The Augustów Canal - Zabytek.pl
woj. podlaskie, pow. augustowski, gm. Augustów-gmina miejska
The canal is 101.3 km long, 80 km of which lies in Poland, the remainder in Belarus. It is navigable for vessels with a displacement of up to 100 tons. It passes through the former lands of the mysterious Sudovians and the majestic Augustów Primeval Forest. The idea of creating a waterway to link the Vistula and the Nemen was conceived in the late 16th century, and during the reign of King Stanisław August Poniatowski it became a feasible project. However, it was not until the introduction of Prussian economic restrictions in 1823, blocking Poland’s access to the Baltic, that these plans were finally implemented.
Polish and Russian military engineers, under the command of Lieutenant Colonel Ignacy Prądzyński, carried out land surveys at selected points, and in early 1824 provisional plans for the route were drafted, and then sent for approval to expert technical commissions. Based on these designs, in late May 1824 Tsar Alexander I took the decision to initiate the canal’s construction, entrusting this task to Poland. By mid-1825 provisions for the development were already in place (brickworks, a steel mill and foundry, and workshops for blacksmiths, carpenters and metalworkers; technologies had been devised and production of hydraulic lime had commenced) and work on building the locks had begun. The project was financed by state treasury budget surpluses (up to 1833), and later by loans from the Bank of Poland, who were given recompense in the form of free lease of woodlands in the Augustów and Kurpie regions. Up until 1831 construction was carried out by military units; after the disastrous November Uprising and the dissolution of the Polish army, civilian organisations took over. Work was completed in 1839.
Designed to play a significant economic role, the canal’s status waned when the political situation changed (Prussia’s prompt withdrawal from the customs war). Real crisis emerged after 1850, with the definition of the customs frontier between Russia and the Kingdom of Poland. Another blow came with the development of the railway network in the latter half of the 19th century. In the early 1860s concerted efforts were made to exploit the dammed water in the canal for industrial purposes, but the outbreak of the January Uprising precluded the implementation of these plans. The canal became a local route animating the neglected north-east part of the Congress Kingdom and the territories of Lithuania and Belarus. It was used primarily for transporting timber. Its previous intended use prohibited any major modernisation, hence it has survived to this day in virtually unaltered form. The Augustów Canal system comprises a complex of highly advanced hydraulic structures. The direct and efficient connection of lakes and rivers, rather than reliance on side canals, was a relatively unusual phenomenon at that time. The installations are of a comparable size to those found on the world’s major waterways. A characteristic attribute of the canal is that its engineering structures harmonise with their natural surroundings. The extant components of the hydraulic devices still work in accordance with the engineering systems of the first half of the 19th century. Fourteen of the locks are located in Poland; nine of them retain their original 19th-century structures, the remainder do not differ in size from their original versions (and largely operate in keeping with the ruling principles of the 1830s). The installations in Belarus (three locks with an additional one in the border zone) are all original structures.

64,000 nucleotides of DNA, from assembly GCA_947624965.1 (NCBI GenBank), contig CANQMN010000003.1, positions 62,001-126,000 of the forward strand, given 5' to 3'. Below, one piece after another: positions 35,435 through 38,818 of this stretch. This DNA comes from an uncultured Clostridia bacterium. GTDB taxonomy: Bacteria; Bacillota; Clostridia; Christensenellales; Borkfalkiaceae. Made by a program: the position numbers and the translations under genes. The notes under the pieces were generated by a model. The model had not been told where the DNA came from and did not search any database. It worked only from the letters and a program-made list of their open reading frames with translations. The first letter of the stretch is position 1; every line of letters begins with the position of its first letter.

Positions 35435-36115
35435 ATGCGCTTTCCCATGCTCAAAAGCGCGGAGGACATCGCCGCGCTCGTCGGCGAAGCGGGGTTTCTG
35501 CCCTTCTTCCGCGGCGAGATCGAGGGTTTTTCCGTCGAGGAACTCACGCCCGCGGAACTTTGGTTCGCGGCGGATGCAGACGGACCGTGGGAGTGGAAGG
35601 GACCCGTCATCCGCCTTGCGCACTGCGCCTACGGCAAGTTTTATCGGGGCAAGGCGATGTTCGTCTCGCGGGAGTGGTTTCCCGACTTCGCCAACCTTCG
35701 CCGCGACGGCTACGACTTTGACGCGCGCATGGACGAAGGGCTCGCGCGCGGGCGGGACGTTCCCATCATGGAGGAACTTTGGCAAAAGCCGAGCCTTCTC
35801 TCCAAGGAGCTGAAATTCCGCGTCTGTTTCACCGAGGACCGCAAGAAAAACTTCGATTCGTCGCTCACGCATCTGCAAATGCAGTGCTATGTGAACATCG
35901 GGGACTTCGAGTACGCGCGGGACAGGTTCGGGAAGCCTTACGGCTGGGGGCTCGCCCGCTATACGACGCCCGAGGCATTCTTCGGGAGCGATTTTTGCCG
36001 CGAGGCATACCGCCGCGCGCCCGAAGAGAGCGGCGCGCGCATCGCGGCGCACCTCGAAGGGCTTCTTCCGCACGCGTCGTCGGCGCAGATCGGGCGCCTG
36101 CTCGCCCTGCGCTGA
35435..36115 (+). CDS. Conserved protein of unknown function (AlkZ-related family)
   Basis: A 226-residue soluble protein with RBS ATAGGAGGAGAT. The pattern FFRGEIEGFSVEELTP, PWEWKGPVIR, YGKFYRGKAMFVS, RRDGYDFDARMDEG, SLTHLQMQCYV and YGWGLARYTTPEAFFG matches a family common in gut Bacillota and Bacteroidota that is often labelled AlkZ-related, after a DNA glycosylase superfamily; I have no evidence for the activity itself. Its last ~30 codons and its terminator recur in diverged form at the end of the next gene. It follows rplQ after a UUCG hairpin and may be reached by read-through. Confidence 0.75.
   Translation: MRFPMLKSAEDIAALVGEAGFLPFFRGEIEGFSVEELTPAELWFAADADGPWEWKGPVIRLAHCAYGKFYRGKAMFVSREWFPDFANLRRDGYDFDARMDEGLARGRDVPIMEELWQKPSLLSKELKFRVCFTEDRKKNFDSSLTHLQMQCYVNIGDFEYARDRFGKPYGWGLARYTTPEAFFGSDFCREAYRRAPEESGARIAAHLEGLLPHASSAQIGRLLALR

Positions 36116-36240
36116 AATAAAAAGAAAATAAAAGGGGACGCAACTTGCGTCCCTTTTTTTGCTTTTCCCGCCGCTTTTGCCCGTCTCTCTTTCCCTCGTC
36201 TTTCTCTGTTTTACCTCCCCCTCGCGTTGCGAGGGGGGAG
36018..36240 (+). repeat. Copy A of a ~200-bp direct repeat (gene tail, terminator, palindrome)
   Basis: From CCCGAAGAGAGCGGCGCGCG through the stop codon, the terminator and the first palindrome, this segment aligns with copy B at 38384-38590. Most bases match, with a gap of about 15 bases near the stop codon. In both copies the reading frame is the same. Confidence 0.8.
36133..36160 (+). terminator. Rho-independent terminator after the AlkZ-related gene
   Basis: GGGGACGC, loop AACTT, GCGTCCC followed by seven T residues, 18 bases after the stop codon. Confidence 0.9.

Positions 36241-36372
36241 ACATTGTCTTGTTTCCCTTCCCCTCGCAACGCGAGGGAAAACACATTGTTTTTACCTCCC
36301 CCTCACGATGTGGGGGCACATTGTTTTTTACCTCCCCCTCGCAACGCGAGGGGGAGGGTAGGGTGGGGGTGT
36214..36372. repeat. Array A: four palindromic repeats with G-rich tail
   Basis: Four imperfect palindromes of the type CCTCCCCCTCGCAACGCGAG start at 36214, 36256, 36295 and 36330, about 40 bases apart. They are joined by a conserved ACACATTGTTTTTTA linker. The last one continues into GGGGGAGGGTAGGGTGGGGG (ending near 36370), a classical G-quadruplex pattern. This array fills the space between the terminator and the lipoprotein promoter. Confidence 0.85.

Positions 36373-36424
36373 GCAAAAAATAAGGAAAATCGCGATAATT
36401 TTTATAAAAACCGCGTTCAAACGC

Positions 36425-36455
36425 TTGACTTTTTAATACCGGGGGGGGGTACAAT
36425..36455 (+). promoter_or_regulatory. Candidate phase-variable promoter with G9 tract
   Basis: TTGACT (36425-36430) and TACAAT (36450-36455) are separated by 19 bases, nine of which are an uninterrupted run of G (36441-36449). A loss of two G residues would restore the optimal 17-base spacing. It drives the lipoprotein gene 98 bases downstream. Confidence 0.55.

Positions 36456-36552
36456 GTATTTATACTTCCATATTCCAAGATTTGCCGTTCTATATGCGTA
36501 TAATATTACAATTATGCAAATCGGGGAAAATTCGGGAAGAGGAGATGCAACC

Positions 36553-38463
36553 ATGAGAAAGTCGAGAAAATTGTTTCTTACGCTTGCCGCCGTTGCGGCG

In the mid-1950s and the 1960s the political and administrative authorities responsible for the canal became increasingly determined to modernise its facilities so that they would fully meet the demands of contemporary transportation. In the face of social pressure - in consequence of a campaign triggered by a memorial held by the Towarzystwo Miłośników Ziemi Augustowskiej society - in October 1968 the central section of the Augustów Canal (c. 50 km) was listed in the historic monuments register, together with its entire infrastructure and a 300-metre-wide zone of protected land on either bank, as a homogeneous historic complex. At the time this was a revolutionary measure in Eastern Europe.